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- Gerald Celente – Direct Democracy
Gerald Celente - Direct Democracy
03 May 2012 , 9:35 AM by Karyn Wood
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- initiative process more
Regarding the editorial on Monday, "Are propositions out of control?":
The Arizona Republic claims that with at least 16 initiatives filed with the Arizona Secretary of State's Office, the November ballot could be crowded and "this is far too much of a good thing."
I disagree. The people of Arizona should strongly support the direct democracy use of the initiative and the referendum. Read the Rest...
- Sneak peek at the ballot – for November 2014
- It's a bit early, but we wanted to give you a head's-up about what voters could see on the ballot come November 2014.
Senate President Pro Tem Darrell Steinberg, D-Sacramento, told the Sacramento Press Club this week that he is launching an effort to make major changes in California's storied direct democracy system.
Specifically, Steinberg wants to allow the Legislature to place initiatives on the ballot, including measures to raise taxes, by a majority vote of lawmakers. It currently takes a two-thirds vote to do that. Read the Rest...
- Improbable research: why random selection of MPs may be best
- Democracies would be better off if they chose some of their politicians at random. That's the word, mathematically obtained, from a team of Italian physicists, economists, and political analysts.
The team includes the trio whose earlier research showed, also mathematically, that bureaucracies would be more efficient if they promoted people at random. Read the Rest...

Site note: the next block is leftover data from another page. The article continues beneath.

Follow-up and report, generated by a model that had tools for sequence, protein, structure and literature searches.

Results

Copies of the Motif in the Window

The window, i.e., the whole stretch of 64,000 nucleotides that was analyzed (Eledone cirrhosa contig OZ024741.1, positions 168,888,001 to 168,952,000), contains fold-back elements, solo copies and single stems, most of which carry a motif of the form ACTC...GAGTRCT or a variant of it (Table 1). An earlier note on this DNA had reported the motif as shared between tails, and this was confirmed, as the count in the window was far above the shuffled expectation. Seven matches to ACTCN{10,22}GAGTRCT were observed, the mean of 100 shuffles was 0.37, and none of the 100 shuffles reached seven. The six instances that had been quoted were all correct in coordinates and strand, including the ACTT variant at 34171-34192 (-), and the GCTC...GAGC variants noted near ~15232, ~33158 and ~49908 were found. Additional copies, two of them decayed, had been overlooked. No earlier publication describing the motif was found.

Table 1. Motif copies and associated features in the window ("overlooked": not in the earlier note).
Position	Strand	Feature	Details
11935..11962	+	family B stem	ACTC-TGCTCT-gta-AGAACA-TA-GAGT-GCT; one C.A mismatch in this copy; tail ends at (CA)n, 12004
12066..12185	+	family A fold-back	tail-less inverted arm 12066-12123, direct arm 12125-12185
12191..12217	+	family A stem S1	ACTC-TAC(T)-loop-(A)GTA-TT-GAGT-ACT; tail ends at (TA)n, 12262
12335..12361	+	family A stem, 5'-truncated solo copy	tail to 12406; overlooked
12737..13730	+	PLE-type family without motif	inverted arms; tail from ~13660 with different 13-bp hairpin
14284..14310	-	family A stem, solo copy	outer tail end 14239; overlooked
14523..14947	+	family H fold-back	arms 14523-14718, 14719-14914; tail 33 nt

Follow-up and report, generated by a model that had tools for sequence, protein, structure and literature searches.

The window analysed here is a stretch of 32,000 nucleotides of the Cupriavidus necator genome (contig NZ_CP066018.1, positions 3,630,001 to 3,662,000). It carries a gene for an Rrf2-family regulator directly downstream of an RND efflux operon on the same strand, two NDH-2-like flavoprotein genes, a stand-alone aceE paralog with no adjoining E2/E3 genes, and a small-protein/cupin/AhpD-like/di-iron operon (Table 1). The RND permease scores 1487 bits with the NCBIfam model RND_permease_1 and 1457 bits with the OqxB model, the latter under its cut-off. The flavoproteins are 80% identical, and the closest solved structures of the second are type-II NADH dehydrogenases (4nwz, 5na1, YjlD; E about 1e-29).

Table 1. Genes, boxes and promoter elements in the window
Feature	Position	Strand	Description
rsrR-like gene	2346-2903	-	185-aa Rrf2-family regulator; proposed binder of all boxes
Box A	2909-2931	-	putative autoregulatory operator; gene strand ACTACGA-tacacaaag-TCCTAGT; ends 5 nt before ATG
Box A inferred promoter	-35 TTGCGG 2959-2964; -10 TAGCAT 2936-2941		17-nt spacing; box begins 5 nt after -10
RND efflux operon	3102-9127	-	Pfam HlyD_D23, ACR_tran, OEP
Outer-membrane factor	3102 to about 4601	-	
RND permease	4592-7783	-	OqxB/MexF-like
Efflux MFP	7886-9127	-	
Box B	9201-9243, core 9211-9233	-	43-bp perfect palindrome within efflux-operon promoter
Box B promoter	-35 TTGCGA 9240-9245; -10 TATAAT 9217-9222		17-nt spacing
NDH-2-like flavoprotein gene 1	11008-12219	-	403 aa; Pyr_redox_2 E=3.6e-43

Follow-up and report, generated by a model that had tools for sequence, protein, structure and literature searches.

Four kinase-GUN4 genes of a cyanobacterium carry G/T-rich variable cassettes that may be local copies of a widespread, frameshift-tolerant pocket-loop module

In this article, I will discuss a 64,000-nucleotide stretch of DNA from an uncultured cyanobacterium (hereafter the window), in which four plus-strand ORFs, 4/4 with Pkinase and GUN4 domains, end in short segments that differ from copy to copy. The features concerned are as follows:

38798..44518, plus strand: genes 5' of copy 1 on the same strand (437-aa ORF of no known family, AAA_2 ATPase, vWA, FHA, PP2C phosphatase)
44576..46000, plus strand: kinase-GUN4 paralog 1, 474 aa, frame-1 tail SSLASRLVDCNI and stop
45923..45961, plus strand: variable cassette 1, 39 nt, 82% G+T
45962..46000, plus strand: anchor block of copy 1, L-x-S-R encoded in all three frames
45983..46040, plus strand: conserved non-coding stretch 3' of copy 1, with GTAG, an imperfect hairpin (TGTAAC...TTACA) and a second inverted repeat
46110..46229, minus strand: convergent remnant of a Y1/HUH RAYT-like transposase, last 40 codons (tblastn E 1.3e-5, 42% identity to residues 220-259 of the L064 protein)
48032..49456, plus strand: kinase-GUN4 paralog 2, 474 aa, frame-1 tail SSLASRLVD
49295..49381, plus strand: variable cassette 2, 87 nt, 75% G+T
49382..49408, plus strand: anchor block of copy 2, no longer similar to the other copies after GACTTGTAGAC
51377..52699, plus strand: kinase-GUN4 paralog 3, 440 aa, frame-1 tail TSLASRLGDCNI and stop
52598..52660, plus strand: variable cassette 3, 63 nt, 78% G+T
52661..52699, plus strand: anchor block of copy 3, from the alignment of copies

- The 99.99998271%: Crushing Dissent – The Smearing of Wikileaks and Occupy
- Close your eyes for a moment and imagine the worst possible future abuse by a government over its own citizens. The first thing likely to come to mind for many would be assassination of citizens without due process. Read the Rest...
- Carne Ross on Being an Agent of Change
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- Former lawmaker takes on initiative process
Fixing California’s ballot initiative process, fraught with obvious shortcomings, according to its detractors, cannot be done until the National Initiative for Democracy is passed by more than 66 million voters in the country, Mike Gravel said yesterday in San Mateo.
Gravel, who ran for president in 2008, is a former senator from Alaska who has been on a nearly 20-year mission to give lawmaking power to the general public independently of Congress and the president. Read the Rest...
- Just Who Fears Democracy? On the Need to Update the American Republic
- For all of Europe's current problems, it has done a better job than the United States of protecting the social welfare of its citizens. As The Globalist's Stephan Richter writes, the longer the American debate clings to its individualism-and-freedom rhetoric, the more removed it becomes from the real-life concerns of ordinary Americans.
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- Greek Lessons: Democracy versus Debt-Bondage
- It is a truism to say that democracy began with the Greeks – less so to say that it originated in popular rebellion against debt and debt-bondage. Yet, with the Greek people ensnared once more in the vice-grip of rich debt-holders, it may be useful to recall that fact. For the only hope today of reclaiming democracy in Greece (and elsewhere) resides in the prospect of a mass uprising against modern debt-bondage that extends the rule of the people into the economic sphere. Read the Rest...
- Online petitions crack through board rooms, capitals
- By Judson Berger
Published February 25, 2012
The online petition movement has come a long way from chain mails that threaten eternal bad luck for failing to forward a message to at least five friends. Read the Rest...